It was a cold and rainy day in late May, 2012 when a staff member at Picton Manor picked up the phone and called your humble scribe, requesting a media member’s presence at an upcoming meeting.
While the full details weren’t being provided immediately about what this session was concerning, it was to involve residents and family members as well some Manor staff and it was made clear something important was going to come as Ministry of Health and Longterm Care officials would also be included.
The mood was tense and the raw emotion of the news disseminated that day was evident on everyone’s faces-residents, family members and staff alike.
The owner of the 78-bed facility had essentially washed his hands of the operation. Required safety upgrades to the electrical and fire suppression systems either couldn’t or wouldn’t be made to the Class D facility, leading to the Electrical Safety Association to post Picton Manor as having an “immense threat to life’.
The Ministry was stepping in, handing over operations to a third party group that would pay the outstanding bills the home had incurred during a period of delinquency, help facilitate the relocation of residents and employ staff as the home was slowly vacated and eventually shuttered.
The beds at Picton Manor would no longer be part of the local array and long-term care spaces would become even more scarce. This was not good news for an aging community dependant on care spaces for its elderly.
Staff were visibly shaken.
Residents were reduced to tears.
Family members gnashed their teeth and pondered publically about the prospect of safely and comfortably moving mom or dad to a new home, likely somewhere outside of Prince Edward County and having their parent(s) acclimate successfully.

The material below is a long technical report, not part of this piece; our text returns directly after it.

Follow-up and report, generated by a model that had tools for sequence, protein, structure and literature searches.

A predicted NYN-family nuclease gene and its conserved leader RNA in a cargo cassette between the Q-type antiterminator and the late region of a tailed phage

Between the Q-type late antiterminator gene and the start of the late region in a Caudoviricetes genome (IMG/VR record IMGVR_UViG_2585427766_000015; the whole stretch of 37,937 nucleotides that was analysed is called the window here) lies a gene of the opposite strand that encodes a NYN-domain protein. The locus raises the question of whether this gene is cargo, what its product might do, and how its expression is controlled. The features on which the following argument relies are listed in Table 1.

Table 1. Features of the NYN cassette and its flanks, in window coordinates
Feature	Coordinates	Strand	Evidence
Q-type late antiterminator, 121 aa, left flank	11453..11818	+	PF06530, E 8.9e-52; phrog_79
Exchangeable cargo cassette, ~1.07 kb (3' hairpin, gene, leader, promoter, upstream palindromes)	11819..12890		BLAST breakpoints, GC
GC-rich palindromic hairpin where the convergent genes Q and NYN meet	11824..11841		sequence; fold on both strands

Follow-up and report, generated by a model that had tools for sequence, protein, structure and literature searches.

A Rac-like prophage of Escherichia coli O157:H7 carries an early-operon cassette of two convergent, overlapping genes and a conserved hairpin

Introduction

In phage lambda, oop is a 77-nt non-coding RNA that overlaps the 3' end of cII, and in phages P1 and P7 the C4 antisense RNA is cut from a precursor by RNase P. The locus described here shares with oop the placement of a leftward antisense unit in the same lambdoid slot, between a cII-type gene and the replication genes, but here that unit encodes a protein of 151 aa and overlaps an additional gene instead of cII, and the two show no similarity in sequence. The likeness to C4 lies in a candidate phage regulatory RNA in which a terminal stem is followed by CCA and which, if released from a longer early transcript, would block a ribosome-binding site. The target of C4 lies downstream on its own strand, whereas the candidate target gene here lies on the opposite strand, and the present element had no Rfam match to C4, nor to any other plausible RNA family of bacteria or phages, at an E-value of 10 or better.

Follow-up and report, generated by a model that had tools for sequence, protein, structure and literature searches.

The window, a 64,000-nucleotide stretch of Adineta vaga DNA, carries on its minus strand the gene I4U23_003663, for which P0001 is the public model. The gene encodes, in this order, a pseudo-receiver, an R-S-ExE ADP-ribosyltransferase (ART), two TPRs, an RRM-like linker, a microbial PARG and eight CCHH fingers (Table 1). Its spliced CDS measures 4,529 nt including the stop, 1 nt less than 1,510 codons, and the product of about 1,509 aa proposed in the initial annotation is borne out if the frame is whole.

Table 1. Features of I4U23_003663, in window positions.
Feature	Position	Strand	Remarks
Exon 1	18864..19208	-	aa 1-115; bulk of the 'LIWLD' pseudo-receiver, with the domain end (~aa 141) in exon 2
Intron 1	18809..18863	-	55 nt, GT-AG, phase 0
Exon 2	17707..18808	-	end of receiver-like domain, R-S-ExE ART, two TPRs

The contrast to the weather from that damp May day to Friday’s sun soaked skies and pleasant conditions was stark as the news on both days. Years after campaigning and pleading with Ministry of Health and Longterm Care officials who couldn’t or wouldn’t provide this community a commitment to make an allocation of beds to replace those that left in the wake of Picton Manor closing, Bay of Quinte MPP Todd Smith and his government delivered on a promise.
Smith has been well versed and has known the lay of the land in Prince Edward County when it comes to our slightly larger-than-average and growing population of the silver set.
The MPP knows the crunch when it comes to rental accommodations in Prince Edward County and how countless seniors from our community have had to leave the only place they’ve ever known as home because there weren’t long-term care beds available locally.
And our provincial representative at the Ontario Legislature knew that when the time came, beds being allocated to H.J. McFarland Home, a municipally owned and operated long-term care facility in need of critical mass and investment would be the best place for an announcement of new beds from the province.
This space has been critical of the Ford Government in recent weeks and that criticism is warranted.
However, Smith and his government should be applauded loudly for recognizing the need for long-term care beds in Prince Edward County and making the commitment and investment in care for our senior population.
It’s been a long, dark road to regain those beds lost in the Picton Manor closure in 2012 but credit to Smith and company for bringing some much needed light to Prince Edward County by way of this recent announcement.
Thank you MPP Smith.